Legal careers: From solo practice to BigLaw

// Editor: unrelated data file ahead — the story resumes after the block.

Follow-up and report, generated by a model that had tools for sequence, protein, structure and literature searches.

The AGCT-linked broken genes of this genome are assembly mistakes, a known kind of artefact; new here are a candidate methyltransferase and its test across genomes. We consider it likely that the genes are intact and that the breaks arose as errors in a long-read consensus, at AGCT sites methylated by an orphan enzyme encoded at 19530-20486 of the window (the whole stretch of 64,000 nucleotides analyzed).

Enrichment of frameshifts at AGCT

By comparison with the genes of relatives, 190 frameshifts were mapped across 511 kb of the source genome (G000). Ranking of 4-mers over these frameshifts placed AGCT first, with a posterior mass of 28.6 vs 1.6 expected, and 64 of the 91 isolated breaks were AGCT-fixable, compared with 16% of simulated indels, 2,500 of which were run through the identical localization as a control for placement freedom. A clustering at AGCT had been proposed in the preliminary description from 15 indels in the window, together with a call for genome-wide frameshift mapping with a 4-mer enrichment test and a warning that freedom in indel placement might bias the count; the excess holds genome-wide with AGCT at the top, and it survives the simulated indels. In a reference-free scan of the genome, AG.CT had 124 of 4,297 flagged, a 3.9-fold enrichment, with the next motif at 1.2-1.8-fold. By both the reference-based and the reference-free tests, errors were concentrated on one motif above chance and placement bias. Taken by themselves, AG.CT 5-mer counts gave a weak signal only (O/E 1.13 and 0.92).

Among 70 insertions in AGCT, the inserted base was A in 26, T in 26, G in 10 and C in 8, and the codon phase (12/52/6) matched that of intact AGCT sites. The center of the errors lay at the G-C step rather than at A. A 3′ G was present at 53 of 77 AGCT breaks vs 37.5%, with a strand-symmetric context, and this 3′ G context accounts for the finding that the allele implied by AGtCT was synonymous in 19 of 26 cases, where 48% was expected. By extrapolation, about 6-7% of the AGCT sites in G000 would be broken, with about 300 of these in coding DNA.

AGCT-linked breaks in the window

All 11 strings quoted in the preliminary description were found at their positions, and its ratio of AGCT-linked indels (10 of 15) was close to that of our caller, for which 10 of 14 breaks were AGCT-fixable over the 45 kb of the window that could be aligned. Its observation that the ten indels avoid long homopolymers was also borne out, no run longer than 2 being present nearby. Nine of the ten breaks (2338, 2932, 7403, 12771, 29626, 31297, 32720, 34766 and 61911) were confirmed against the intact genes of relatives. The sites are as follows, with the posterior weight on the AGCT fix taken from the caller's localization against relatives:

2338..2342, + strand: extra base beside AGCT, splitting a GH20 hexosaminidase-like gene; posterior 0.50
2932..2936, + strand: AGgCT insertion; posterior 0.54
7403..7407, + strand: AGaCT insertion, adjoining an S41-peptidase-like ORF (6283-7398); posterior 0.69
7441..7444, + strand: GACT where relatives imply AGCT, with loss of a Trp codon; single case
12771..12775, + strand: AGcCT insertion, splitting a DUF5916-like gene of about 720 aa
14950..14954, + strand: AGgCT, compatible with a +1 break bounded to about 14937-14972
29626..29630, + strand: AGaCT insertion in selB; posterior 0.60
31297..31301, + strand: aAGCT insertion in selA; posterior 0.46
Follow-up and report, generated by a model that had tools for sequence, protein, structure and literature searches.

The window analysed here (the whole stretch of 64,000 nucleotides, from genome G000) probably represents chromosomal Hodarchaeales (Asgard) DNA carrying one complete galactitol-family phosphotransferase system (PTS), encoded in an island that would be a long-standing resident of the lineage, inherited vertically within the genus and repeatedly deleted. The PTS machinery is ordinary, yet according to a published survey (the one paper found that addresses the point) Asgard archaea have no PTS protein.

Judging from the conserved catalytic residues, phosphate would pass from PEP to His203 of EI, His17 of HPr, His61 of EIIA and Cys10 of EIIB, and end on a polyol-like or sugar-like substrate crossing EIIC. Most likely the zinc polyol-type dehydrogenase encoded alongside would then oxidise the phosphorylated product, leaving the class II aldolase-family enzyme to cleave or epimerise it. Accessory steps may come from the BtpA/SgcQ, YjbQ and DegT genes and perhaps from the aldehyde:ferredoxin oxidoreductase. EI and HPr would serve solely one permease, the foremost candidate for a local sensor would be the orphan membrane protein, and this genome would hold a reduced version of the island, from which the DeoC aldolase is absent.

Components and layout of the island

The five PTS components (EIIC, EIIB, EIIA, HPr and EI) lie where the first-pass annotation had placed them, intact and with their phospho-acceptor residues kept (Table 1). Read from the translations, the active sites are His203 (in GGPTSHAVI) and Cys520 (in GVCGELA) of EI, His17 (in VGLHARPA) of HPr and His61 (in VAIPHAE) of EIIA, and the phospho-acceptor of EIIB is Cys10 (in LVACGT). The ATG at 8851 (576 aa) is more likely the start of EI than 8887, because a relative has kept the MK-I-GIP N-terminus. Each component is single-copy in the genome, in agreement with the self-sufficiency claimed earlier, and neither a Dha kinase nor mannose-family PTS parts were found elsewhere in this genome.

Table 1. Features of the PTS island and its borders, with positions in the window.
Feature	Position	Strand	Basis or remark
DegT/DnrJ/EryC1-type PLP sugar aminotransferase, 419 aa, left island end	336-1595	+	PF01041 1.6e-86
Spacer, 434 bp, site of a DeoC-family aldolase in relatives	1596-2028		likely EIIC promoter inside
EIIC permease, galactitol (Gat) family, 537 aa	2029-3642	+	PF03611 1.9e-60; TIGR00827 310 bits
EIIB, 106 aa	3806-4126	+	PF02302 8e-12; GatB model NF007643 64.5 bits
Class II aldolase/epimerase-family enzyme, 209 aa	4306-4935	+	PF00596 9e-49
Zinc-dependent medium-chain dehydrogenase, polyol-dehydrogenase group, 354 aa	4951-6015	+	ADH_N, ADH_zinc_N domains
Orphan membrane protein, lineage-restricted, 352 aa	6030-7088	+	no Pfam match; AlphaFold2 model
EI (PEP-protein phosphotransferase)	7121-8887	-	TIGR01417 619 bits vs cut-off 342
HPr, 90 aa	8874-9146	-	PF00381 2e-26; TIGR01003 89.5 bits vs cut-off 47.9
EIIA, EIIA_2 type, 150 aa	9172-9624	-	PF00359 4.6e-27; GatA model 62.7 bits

A lot of attention in the mainstream media (and popular culture) gets focused on lawyers working in large firms (often referred to as “BigLaw”). But less than 15% of law grads—roughly 4,900 out of the 34,000 who graduated law school in 2019—enter jobs in the very large law firms (those with 500 or more attorneys), and an even smaller percentage work there long term. About 42% of law grads going into private practice start their careers in either small firms (2-25 attorneys) or as solo practitioners. Firm size can have a dramatic effect on the salary and working conditions for individual lawyers In the very large law firms, new associates can expect to earn upwards of $190,000 per year, but also to work 80-90 hours per week. Associates in such firms can be required to bill on the order of 2100 hours/year, or more than 40 hours a week for 52 weeks. Depending on the type of practice a single “billable” hour can require 2-3 hours of actual time spent on a case. They also tend to be beholden to their supervising attorney’s demands. Lawyers in small and midsize firms can expect to earn as little as a third as much (the median salary for all new attorneys is $75,000), but generally to also work fewer hours and to have substantially more autonomy. Solo and very small firm practitioners need an entrepreneurial spirit and basic small business management skills, in addition to lawyering skills.